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Low and lower-middle income countries across the world have lost an estimated $1tn in gross domestic product (GDP) in the past decade, as women are disproportionately excluded from the digital economy, new research has found.
According to research carried out by the World Wide Web Foundation and the Alliance for Affordable Internet (A4AI), men are 21% more likely to be able to access the internet than women, with the percentage rising to 52% in the least developed nations. The situation has seen a minimal improvement since 2011, as the digital gender gap dropped just half a percentage point from 30.9% to 30.4%.
The Web Foundation’s study estimates that in 2020 alone, the digital gender gap cost a total of $126bn to the 32 countries studied, which include nations such as Morocco, Nigeria, Pakistan, the Philippines, Ukraine and Zimbabwe. Moreover, these economies saw a combined $24bn in lost tax revenues in 2020, which could have gone towards other areas of economic development.
The study cites figures from the International Telecommunications Union to illustrate the gravity of the issue: the ITU study from 2019 estimates that 55% of men in the world had used the internet while only 48% of women had that year, the equivalent of 303 million people globally.
“Closing the digital gender gap is not just a moral cause, it is also an economic imperative,” said Catherine Adeya, director of research at the Web Foundation.
“As the internet becomes a more potent enabler for education, business and community mobilisation, a failure to deliver access for all means failing to realise everyone’s potential to contribute,” she said, adding that governments working on addressing the issue “will unlock a wealth of creativity and productivity”.
The research also underlines the economic opportunity governments have to include women in a fully inclusive digital economy. It estimates that closing the digital gender gap could present a significant growth opportunity, by adding an estimated $524bn in economic activity over the next five years to the countries studied.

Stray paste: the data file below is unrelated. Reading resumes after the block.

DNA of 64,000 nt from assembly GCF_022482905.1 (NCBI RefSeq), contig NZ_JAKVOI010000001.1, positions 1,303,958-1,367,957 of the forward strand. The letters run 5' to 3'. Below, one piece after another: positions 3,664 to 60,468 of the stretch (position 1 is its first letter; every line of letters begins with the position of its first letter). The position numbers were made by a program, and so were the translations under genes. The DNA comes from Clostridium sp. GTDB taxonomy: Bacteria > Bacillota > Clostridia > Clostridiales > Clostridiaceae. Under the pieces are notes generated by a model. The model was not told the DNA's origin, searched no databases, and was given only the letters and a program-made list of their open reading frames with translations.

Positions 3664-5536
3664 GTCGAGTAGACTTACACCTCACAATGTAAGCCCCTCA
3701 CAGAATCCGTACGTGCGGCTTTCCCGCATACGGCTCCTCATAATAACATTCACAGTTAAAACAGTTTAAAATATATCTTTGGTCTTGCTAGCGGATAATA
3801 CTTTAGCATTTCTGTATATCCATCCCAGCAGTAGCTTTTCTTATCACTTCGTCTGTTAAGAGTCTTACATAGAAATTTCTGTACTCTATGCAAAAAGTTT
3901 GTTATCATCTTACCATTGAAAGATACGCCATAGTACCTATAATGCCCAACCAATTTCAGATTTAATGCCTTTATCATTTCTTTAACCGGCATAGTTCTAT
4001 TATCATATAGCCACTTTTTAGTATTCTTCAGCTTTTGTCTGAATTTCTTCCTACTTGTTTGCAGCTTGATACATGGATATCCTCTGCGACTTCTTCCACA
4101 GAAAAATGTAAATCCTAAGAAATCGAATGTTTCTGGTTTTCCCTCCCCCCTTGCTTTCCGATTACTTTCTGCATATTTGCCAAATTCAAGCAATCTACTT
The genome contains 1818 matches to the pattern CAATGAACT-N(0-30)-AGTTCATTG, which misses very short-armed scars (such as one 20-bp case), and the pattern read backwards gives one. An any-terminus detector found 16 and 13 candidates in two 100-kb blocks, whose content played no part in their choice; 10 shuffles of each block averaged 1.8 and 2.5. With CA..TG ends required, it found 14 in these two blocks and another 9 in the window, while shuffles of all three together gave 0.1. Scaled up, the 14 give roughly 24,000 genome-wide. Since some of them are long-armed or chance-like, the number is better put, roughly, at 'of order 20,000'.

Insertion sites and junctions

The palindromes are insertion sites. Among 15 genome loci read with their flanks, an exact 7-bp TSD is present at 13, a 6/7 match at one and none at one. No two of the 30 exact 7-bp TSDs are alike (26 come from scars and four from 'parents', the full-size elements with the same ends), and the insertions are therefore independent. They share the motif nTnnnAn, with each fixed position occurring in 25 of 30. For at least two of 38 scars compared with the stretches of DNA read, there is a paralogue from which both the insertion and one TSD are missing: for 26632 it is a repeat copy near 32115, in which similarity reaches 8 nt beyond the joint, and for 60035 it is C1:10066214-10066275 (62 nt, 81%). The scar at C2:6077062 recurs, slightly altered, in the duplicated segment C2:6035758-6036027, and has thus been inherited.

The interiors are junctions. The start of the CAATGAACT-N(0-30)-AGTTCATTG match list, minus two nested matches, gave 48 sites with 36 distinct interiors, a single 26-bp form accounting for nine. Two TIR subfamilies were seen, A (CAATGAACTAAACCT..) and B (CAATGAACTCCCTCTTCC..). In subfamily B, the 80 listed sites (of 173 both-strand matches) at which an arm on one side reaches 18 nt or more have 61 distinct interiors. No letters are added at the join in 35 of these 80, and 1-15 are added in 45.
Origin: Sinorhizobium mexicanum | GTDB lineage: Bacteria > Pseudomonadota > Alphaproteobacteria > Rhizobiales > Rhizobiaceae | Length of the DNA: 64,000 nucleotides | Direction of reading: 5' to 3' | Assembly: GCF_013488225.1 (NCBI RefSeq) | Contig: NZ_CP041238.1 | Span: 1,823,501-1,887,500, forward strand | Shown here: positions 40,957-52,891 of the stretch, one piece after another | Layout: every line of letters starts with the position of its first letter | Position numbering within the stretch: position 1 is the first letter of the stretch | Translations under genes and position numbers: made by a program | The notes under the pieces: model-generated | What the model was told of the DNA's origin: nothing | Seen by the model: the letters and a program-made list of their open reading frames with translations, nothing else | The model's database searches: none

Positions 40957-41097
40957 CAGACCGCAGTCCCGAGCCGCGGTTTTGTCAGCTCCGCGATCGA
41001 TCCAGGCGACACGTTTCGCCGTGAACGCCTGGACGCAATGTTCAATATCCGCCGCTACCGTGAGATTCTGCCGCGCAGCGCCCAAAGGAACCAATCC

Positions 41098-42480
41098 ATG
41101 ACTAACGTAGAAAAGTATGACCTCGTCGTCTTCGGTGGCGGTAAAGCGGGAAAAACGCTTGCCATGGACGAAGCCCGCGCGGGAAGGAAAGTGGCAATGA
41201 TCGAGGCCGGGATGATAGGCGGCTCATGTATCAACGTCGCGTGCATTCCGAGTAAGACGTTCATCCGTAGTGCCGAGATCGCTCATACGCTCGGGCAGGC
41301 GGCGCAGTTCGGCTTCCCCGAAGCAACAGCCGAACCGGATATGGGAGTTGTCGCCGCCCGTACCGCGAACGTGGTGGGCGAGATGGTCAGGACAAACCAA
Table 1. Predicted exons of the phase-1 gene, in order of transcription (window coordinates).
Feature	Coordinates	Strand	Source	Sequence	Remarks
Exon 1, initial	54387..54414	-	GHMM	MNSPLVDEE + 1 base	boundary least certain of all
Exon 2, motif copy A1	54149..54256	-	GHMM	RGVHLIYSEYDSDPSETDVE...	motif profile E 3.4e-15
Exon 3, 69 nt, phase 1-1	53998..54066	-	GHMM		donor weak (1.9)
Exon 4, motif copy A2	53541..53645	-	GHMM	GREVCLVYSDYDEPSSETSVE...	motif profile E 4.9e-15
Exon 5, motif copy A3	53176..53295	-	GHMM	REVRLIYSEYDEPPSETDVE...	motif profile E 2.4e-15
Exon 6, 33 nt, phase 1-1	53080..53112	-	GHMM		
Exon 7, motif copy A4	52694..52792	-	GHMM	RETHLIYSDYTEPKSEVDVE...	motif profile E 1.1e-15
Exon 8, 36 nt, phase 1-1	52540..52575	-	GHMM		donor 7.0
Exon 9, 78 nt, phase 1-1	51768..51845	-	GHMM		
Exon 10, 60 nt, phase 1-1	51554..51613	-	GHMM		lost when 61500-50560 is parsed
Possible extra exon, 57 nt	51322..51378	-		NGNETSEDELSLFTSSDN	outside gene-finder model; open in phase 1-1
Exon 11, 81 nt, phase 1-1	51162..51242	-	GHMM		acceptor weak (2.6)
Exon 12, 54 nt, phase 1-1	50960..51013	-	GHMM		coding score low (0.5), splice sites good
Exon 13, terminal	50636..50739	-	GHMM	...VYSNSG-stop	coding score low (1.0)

However, the Web Foundation report also pointed out that governments are slow to address the issue: the study cites findings from A4AI’s research from 2020, which found that over 40% of developing countries had no meaningful policies or programmes to expand women’s access to the internet.
More progress is needed around the creation of policies specifically aimed at the barriers associated with the digital gender gap, the report noted. These include the affordability of data and devices, gaps in education and digital skills, and social pressures discouraging women from using the internet, as well as fears about privacy, safety and security online.
Recommendations of potential approaches to closing the digital gender gap, including a holistic view of the hurdles women and girls face around accessing the web, are also cited in the report. These include infrastructure investment, transparent policy targets, and programmes to deliver digital skills and literacy training, as well as initiatives aimed at addressing privacy and safety concerns.
Despite the current scenario, the report predicts that the digital gender gap will narrow: over the next five years, 46.8 million women will gain online access, compared with 45.7 million men. This would result in a reduction of the digital gender gap in these countries from 30.4% to 20.6% by 2025, with a less severe loss of GDP than what is currently estimated. However, the the cost of exclusion will remain high, at an estimated $99bn by 2025.